South Florida Hospital News
Monday March 1, 2021
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March 2021 - Volume 17 - Issue 9
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What You Don't Know Could Hurt Your Heart

February 14-20, 2021 is Heart Failure Awareness Week
 
February 16 2021 - Monisha John, APRN, is passionate about reducing the number of men and women who suffer from heart disease. She is the stroke and heart failure program coordinator at Broward Health Imperial Point in Fort Lauderdale. She answers frequently asked questions about heart failure.
 
What is heart failure? 
Heart failure is a condition in which the heart does not pump well. As a result, fluid backs up in the body, and the organs in the body do not get as much blood as they need. If you have heart failure, your heart has not actually "failed" or stopped beating. It just isn't working as well as it should.
 
What are some causes of heart failure? 
There are several conditions that can cause heart failure, including high blood pressure, irregular heart rhythms and coronary heart disease, where the arteries that supply blood to the heart become clogged with fatty deposits. Other conditions are heart valve disease, longstanding alcohol abuse, and cardiomyopathy related to different medical conditions such as autoimmune disorders, a genetic mutation, or an infection.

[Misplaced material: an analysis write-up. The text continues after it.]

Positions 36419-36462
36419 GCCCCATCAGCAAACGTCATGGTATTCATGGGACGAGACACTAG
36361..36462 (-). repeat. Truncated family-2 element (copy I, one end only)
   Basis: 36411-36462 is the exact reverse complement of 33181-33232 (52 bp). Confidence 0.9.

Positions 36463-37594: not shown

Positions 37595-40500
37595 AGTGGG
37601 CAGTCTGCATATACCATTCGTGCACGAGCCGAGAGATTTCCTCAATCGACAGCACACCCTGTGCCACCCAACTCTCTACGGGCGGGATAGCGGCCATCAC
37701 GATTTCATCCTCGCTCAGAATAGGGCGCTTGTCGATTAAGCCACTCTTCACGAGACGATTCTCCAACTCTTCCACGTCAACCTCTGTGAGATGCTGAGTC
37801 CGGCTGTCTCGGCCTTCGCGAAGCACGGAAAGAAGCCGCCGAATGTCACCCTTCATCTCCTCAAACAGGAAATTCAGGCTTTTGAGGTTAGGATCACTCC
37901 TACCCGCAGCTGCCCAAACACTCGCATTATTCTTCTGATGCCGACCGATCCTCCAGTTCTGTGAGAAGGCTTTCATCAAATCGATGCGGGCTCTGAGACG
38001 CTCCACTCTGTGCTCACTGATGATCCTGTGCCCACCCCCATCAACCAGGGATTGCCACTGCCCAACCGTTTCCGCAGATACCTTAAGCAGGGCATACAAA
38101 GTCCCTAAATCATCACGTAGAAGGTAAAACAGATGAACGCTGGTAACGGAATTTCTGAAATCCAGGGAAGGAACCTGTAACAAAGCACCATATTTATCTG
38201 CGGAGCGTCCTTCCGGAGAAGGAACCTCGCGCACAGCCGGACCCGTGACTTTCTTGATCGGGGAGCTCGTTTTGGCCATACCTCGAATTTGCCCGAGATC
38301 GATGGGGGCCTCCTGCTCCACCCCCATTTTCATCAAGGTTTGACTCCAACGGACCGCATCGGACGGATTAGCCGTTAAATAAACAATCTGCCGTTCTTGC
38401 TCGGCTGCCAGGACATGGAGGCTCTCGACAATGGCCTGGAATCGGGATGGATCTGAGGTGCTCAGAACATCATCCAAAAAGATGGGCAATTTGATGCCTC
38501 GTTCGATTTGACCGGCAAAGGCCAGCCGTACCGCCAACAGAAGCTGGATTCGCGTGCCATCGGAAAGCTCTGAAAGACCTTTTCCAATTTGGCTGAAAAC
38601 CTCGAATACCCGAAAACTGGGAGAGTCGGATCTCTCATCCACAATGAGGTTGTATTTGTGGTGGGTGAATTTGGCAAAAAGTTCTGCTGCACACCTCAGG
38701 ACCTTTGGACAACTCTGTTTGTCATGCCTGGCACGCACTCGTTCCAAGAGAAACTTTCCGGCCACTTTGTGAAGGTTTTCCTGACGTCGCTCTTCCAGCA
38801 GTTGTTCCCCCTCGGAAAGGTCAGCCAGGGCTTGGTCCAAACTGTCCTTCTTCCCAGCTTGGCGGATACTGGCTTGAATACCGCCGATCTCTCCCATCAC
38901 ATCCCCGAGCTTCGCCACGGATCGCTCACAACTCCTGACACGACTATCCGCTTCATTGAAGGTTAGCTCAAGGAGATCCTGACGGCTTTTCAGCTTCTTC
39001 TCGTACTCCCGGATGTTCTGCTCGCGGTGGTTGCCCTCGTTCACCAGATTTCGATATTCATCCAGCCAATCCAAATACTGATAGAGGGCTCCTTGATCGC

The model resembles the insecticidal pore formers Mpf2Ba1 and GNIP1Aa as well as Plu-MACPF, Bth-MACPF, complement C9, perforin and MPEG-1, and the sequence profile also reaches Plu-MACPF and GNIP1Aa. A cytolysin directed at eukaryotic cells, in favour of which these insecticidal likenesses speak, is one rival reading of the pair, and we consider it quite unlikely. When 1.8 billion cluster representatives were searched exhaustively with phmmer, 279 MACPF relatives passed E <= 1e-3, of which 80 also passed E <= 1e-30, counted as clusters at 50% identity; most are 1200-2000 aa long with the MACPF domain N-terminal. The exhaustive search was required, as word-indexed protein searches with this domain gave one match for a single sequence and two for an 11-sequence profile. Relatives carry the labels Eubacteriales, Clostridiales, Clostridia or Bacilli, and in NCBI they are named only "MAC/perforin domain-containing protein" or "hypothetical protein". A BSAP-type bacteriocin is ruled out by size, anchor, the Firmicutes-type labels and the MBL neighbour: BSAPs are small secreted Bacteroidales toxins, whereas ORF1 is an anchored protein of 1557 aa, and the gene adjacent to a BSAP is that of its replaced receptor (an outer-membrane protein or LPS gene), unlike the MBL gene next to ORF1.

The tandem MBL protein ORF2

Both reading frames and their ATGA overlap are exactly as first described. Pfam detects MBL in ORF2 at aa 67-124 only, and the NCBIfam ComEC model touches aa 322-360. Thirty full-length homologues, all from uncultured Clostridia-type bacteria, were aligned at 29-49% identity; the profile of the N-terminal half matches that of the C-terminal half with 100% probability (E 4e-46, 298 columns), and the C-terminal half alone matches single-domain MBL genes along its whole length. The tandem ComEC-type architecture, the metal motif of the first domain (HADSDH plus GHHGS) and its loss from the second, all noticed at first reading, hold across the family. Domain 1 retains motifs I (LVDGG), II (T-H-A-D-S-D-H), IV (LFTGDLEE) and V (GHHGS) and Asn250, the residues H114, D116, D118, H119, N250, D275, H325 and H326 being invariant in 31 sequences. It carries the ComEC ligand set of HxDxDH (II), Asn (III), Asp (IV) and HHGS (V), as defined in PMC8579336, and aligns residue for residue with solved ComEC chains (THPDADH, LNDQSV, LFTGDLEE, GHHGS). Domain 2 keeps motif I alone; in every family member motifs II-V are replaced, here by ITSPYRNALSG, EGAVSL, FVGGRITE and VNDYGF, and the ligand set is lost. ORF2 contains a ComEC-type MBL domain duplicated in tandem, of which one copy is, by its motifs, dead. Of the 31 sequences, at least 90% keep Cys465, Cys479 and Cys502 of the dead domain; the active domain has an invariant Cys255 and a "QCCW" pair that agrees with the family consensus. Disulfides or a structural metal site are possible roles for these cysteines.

What are some symptoms of heart failure? 
Shortness of breath, swelling (edema) in the feet, ankles, and legs or in the abdomen. Other symptoms include tiredness or weakness, or feeling lightheaded or dizzy, a racing heartbeat even while resting, and in advanced stages of heart failure unintentional weight loss can be a symptom.
 
What can you do if you think you could have heart failure?
Speak with your healthcare provider. They can do tests to diagnose you such as an electrocardiogram (ECG); a blood test known as "brain natriuretic peptide" (BNP) or "N-terminal pro-BNP" (NT-proBNP); a chest X-ray; echocardiogram, a “stress” test, and additional imaging tests such as computed tomography (CT), magnetic resonance imaging (MRI), and nuclear scanning. 
 
What can I do on my own to protect my heart?
Lifestyle changes such as exercising, quitting smoking, limiting alcohol, reducing sodium in your diet, managing stress and losing weight can improve your quality of life. Take your medicines, even if you feel well. Watch for changes in your symptoms and follow an action plan provided by your healthcare provider. 
 
To learn more about Broward Health Imperial Point’s heart failure services, visit BrowardHealth.org/HeartFailure or call Monisha John at 954.776.8987.
 
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